The CFA designation is widely considered the investment profession’s most rigorous credentialing program and has been referred to as a “gold standard” by the Economist and Financial Times, and Business Insider refers to it as “Wall Street’s Hardest Exam” (source).
See this video to find out what your investment manager had to go through in order to earn it:
In addition, members of CFA Institute (including Chartered Financial Analyst ® [CFA®] charterholders) and candidates for the CFA designation must:
- Act with integrity, competence, diligence, respect, and in an ethical manner with the public, clients, prospective clients, employers, employees, colleagues in the investment profession, and other participants in the global capital markets.
- Place the integrity of the investment profession and the interests of clients above their own personal interests.
- Use reasonable care and exercise independent professional judgement when conducting investment analysis, making investment recommendations, taking investment actions, and engaging in other professional activities.
- Practice and encourage others to practice in a professional and ethical manner that will reflect credit on themselves and the profession.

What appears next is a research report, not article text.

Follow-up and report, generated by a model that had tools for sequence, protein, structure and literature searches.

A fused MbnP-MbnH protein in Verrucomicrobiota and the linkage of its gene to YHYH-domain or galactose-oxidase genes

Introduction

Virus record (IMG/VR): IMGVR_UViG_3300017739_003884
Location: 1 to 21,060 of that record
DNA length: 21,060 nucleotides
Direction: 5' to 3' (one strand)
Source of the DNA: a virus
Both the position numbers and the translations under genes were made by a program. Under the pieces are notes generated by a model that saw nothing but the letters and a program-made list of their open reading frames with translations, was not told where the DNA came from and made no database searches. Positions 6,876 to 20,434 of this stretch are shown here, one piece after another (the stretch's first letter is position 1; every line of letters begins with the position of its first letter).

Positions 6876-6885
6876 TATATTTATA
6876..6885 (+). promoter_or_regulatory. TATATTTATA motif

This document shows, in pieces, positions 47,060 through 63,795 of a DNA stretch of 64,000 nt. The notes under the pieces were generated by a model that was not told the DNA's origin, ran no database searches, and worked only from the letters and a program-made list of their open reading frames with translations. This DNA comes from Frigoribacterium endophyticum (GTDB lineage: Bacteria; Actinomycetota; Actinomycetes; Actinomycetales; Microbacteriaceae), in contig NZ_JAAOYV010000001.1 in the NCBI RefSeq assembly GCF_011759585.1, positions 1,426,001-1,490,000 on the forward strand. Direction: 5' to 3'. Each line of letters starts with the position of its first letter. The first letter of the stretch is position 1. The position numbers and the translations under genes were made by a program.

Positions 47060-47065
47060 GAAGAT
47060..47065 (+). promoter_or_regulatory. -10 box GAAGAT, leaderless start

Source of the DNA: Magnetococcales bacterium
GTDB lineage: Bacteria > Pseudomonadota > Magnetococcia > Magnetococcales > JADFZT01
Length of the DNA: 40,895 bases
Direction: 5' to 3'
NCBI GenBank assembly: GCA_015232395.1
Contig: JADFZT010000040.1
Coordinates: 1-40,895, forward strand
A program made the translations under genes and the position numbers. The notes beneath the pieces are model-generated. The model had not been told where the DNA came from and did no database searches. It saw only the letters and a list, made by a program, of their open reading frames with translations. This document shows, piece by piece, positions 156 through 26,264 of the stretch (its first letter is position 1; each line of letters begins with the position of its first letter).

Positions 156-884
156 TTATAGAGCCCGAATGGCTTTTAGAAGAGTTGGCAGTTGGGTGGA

- Promote the integrity and viability of the global capital markets for the ultimate benefit of society.
- Maintain and improve their professional competence and strive to maintain and improve the competence of other investment professionals.
For the complete Code of Ethics and Standards of Professional Conduct, please visit http://www.cfainstitute.org/utility/application/ethics.aspx.
And for a Table of Contents type of look at the curriculum, known as the Candidate Body of Knowledge, here’s what Charterholders had to study (see below). Clearly, not all financial advisors are alike. Some took extraordinary steps to learn more about the investment field, passing three years of courses and 18 hours of exams to earn the CFA designation. Check out the historical pass rates here, which indicate that only 11% of candidates consecutively pass Level 1, 2, and 3 on the first try (42% pass Level 1, and of those, 46% pass Level 2, and of those, 58% pass Level 3 = 11%).
I. Ethical and Professional Standards
II. Quantitative Methods
IV. Financial Reporting and Analysis
V. Corporate Finance
VI. Equity Investments
VII. Fixed Income
IX. Alternative Investments
X. Portfolio Management and Wealth Planning
*Note: The CBOK Topic Outline was updated July 2014.
(Posted September 8, 2014)